Fishermen of the sky

As soon as I got outside my apartment the other day, I stopped in my tracks.  It was clear I wasn’t going to get milk anymore.  I jumped on my well-loved bike — easy to spot with its very unique I <3 NY sticker plastered on the frame — and set off.
I think I knew that that would be the last pure day of autumn, before the air starts to smell like winter as you try to breathe in through a stuffy nose.  The sky was a brightly back-lit blue, and as I hurled through the archway of generous maples lining the street in front of the Canadian embassy,* I could feel every ridge and bump in the pavement clearly through my handlebars.  It was the kind of day that makes you notice the beauty in ordinary things:  the mini-thrill of a trunk pushing up the pavement into a baby jump; the comfort of the old ladies in well worn clothes sitting with their ankles crossed on a banister in front a sign encouraging studying; the man swept up by the flood of people leaving the subway but so satisfied biting into a steaming soft spring roll; or the women with bamboo poles along the river bank walking between the reeds.  I rubbernecked at the guy looking in incredulous and helpless awe at the invisible dent in the front of his pulled-over car. I slowed down to stay behind and watch a rollerblader listening to his headphones and waving his arms gracefully to the music. And I nearly got hit by a car when I realized the air in the alley ahead of me was full of spinning yellow leaves making their slow and final descent toward the yet untouched black asphalt.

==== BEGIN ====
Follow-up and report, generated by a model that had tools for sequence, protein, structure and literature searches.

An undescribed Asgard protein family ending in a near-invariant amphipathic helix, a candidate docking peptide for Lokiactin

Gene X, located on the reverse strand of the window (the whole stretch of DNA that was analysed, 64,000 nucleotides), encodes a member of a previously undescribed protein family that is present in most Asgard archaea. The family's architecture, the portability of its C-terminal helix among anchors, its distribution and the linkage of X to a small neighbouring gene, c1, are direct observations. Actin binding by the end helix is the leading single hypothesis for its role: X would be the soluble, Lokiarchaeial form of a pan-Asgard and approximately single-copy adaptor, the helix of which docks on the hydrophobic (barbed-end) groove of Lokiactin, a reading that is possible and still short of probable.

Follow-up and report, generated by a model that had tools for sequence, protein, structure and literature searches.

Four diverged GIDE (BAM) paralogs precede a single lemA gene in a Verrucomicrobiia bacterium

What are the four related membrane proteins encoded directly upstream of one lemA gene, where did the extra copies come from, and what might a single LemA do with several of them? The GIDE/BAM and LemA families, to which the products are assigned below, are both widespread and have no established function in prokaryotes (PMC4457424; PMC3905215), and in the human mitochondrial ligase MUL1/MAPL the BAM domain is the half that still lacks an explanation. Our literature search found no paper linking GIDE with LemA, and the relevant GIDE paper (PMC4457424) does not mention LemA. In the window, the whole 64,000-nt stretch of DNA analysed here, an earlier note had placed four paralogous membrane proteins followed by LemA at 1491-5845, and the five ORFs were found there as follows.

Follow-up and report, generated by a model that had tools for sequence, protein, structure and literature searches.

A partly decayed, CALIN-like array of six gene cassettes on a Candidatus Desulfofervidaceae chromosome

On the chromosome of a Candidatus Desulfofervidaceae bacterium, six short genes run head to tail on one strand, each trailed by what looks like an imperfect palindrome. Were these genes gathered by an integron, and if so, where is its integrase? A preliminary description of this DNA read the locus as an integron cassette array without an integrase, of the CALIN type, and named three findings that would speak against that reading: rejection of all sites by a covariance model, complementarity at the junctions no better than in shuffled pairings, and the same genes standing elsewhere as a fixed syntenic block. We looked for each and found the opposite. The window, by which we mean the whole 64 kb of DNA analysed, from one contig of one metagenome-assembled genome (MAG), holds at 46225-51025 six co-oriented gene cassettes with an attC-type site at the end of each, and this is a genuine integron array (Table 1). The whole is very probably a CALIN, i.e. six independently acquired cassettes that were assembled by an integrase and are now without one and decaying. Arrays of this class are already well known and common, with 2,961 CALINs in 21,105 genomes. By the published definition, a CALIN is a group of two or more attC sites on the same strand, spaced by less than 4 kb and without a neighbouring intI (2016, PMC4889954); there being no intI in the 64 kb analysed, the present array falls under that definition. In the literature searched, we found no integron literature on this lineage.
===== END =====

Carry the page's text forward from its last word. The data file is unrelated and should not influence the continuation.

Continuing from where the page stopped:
People say that China’s economy is built on cheap labor, but it’s more than that:  this country is built on optimism.  It’s not just that people work for little money, it’s that they work hard for little money, and in large part because they think that it will lead to something better.  It’s one of the reasons I came here, actually, rather than Russia. Continue reading

How to avoid tendinitis from typing

Six years ago tomorrow, I was typing happily away at my computer when my hands stopped working. When I say I couldn’t use my hands, I mean that for the next many months I couldn’t:

  • cut food with a knife and fork
  • tie my shoelaces
  • turn the key in the lock
  • squeeze the hand brakes on my bike
  • wash my hair very well
  • hold a pen or write
  • type a single word on my computer
  • push buttons on a cell phone
  • and much much more!

Here’s the thing: this happened to me one day in November, suddenly, while I was basically a healthy person, and completely changed my life my senior year at college. Looking back, Continue reading

Fresh eyes on China

My good friend who was transferred 6 months ago to Beijing, working at Microsoft, wrote a note about China that I thought you would really enjoy reading. So without further ado, here are some excerpts:

“At this very moment, I’m sitting in the Industrial Bank of China, trying to pay my credit card bill.   The venue is like the Chinese version of the DMV, where you take a number and then spend forever waiting for your turn at the teller window.   The bank is packed with people; sophisticated folks with designer clothes, school children in their track suits, and even my favorite ma tuan (sesame ball) vendor with a wad of bills so thick I wonder how really makes his living.  What an inspiring place to write about my new life! Continue reading